In a less visually saturated age, the extremes of light and dark evoked the conflict between good and evil, life and death and the illumination of God in a sea of darkness. The dense, velvety black suggested the malevolent and unknown, including the viewer, who themselves were placed in the dark looking into the light. At the turn of this millennium, the symbolism of light and dark is inherently and universally understood and at the same time mediated by ubiquitous electrical light, not only as a medium in itself, but in relation to the idea of the flood-lit stage and film set. Today the notion of being “in the light” has moved from religious attainment to an aspirational goal of global attention and celebrity status. Here the dichotomy of light is that it can blind as well as illuminate, and as with Icarus, burn.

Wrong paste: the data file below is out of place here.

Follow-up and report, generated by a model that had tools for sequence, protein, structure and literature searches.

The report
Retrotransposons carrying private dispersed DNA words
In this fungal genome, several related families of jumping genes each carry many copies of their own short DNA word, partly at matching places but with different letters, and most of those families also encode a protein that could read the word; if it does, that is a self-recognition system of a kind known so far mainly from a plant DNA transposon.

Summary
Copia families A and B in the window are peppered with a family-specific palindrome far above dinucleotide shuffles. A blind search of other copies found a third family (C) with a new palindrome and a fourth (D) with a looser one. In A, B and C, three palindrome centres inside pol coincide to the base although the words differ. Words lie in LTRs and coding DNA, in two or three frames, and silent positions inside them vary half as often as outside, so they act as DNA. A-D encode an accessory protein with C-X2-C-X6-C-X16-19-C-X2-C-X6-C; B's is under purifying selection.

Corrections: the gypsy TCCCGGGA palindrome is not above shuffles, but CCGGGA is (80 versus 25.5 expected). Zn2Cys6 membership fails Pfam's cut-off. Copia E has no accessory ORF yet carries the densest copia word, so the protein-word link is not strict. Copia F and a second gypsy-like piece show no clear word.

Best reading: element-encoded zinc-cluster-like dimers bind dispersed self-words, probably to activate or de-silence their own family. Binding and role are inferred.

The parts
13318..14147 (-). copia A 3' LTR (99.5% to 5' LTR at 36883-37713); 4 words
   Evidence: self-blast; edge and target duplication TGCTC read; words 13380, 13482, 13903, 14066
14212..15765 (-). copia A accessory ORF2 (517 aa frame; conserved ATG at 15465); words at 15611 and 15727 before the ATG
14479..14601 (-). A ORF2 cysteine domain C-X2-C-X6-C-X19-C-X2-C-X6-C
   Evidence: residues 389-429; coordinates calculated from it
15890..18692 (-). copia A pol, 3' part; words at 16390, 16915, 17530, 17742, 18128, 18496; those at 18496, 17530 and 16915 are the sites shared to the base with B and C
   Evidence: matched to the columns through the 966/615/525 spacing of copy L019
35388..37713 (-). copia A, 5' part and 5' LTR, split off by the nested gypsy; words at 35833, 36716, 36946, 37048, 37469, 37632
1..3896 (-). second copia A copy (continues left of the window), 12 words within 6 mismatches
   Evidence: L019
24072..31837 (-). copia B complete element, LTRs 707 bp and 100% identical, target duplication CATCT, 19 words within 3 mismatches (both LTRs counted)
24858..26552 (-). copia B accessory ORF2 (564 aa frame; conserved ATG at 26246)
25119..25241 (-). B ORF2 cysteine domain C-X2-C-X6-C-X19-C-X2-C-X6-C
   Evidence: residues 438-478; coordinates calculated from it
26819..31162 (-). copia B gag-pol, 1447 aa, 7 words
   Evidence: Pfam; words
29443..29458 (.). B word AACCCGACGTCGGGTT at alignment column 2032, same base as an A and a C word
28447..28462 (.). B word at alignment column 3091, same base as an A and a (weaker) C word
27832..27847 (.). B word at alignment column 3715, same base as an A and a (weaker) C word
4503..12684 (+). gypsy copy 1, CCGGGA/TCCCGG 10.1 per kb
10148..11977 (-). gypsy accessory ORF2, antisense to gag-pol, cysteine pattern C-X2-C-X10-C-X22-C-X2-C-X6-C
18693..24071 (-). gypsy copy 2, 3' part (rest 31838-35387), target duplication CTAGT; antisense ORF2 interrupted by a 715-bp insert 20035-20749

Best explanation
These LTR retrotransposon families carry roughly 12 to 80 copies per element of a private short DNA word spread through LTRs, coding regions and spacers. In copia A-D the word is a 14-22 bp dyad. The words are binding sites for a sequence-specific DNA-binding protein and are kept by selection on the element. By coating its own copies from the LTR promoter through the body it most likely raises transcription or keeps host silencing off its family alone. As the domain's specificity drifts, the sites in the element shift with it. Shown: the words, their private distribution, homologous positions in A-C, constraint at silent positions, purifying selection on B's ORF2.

'Lighthouse' is one of many evocative terms claimed by cinema, often recurring within the sphere of arthouse film exhibition. There was once a Lighthouse Cinema in Dublin, soon to be revived in a newly subterranean form as the centrepiece of an urban renewal project. There are some odd points of connection between the worlds of cinema and coastline; like lighthouse keepers, film projectionists have gradually been displaced (or perhaps liberated) by automation. The name might also be particularly suited to arthouse film exhibition because the beacon of the lighthous serves both a welcoming landmark and a warning to stay away for those who are unfamiliar with the territory. The lighthouse caravan cinema, temporarily installed at the Old Truman Brewery in London's East End, plays with all of these assocations but also evokes an earlier moment in the history of cinema, a moment in which film pioneers competed with a range of alternative technological, commercial and artistic attractions. Located in a former industrial site, now reinvented as a space for commerce, culture and leisure, this Lighthouse is simultaneously private and public. The tiny caravan, accomodating two or three viewers at most, even recalls the private viewing machines that flourished prior to the invention of the nickelodeon and the confirmation of cinema as a definitively public form of entertainment.